This editorial condenses down to my rather simple rules for citations. These rules may not be all-comprehensive, but I have done the best I can to be inclusive. Here they are:
  1. 1.

    Read and comprehend all of the literature that you are citing in your manuscript

     
  2. 2.

    Cite the primary literature and the actual papers to which a particular discovery is attributed; if multiple citations need to be made, do so

     
  3. 3.

    Cite the literature that agrees as well as that which disagrees with your point-of-view; be fair to multiple points-of-view

     
  4. 4.

    Be as inclusive as possible, but know where to draw the line, citing the most pertinent literature and the original papers

     
  5. 5.

    Use reviews judiciously in your manuscript and use them properly

     
  6. 6.

    Do NOT cite reviews in lieu of citing the original literature

     
  7. 7.

    Remember that PubMed goes back to 1966, but many worthwhile discoveries were made prior to that time and it is important to be historically accurate in your citations

     
  8. 8.

    When citing your own work, do so to support your point-of-view or to put the current work into the proper context for the reader. Do not attempt to grow your own citation base solely on the dreaded “self-citation”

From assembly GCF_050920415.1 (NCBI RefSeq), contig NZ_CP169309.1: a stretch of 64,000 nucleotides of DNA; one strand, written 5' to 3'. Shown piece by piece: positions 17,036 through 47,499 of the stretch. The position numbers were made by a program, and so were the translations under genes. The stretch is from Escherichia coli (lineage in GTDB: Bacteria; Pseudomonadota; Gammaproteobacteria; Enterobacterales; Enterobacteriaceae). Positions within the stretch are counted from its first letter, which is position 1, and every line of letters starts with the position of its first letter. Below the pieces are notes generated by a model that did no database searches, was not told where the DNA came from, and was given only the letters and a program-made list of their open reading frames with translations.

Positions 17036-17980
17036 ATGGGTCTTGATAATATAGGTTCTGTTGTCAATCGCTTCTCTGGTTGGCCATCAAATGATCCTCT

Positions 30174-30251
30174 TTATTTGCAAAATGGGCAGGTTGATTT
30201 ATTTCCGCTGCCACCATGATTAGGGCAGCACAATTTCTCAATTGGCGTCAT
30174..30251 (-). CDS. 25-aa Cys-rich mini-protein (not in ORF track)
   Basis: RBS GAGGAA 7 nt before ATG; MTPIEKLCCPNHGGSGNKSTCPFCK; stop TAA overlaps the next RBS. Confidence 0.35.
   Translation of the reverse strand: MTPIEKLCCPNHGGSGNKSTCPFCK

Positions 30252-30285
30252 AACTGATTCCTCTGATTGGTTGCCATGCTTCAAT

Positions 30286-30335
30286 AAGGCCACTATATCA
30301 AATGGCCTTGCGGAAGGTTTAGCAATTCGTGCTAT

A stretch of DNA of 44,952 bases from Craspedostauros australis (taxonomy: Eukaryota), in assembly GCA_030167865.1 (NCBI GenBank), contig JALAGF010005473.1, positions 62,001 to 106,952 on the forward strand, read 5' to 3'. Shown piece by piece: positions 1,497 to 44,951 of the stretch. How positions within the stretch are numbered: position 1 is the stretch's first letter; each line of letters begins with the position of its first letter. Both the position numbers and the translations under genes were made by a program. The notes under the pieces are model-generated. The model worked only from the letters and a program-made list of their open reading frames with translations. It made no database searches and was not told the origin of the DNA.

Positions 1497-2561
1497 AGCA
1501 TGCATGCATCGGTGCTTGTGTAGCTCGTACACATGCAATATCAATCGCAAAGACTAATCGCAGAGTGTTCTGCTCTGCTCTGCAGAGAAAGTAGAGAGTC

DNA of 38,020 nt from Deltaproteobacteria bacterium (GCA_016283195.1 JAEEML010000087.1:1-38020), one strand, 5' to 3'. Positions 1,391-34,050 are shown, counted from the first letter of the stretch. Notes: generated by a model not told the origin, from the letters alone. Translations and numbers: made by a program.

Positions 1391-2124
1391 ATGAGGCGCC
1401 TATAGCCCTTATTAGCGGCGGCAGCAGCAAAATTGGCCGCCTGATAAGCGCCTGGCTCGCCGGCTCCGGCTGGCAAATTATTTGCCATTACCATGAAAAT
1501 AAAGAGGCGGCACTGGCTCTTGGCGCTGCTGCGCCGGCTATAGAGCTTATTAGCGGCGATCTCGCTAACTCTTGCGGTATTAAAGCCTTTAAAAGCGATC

Following these simple rules will certainly help limit the use of improper, superfluous citations because you have actually read the literature. An additional advantage is that by reading the literature, you will be able to find those elusive, yet important papers on your topic of interest. This adds importance and perhaps makes an Introduction and Discussion much more relevant and inclusive. By avoiding merely citing your own work and including work of others as well as those papers with a different point-of-view, you are in the end being a good citizen of science and working to recognize the contribution of your colleagues in the field. In the end, following these simple rules avoids many of the issues brought forth in this editorial and in the article by Dr. Pearce. So if you have been a citation abuser, try this 8-step program.

Copyright information

© AOCS 2011

Authors and Affiliations

  1. 1.Department of Pharmacology, Physiology, and TherapeuticsUniversity of North DakotaGrand ForksUSA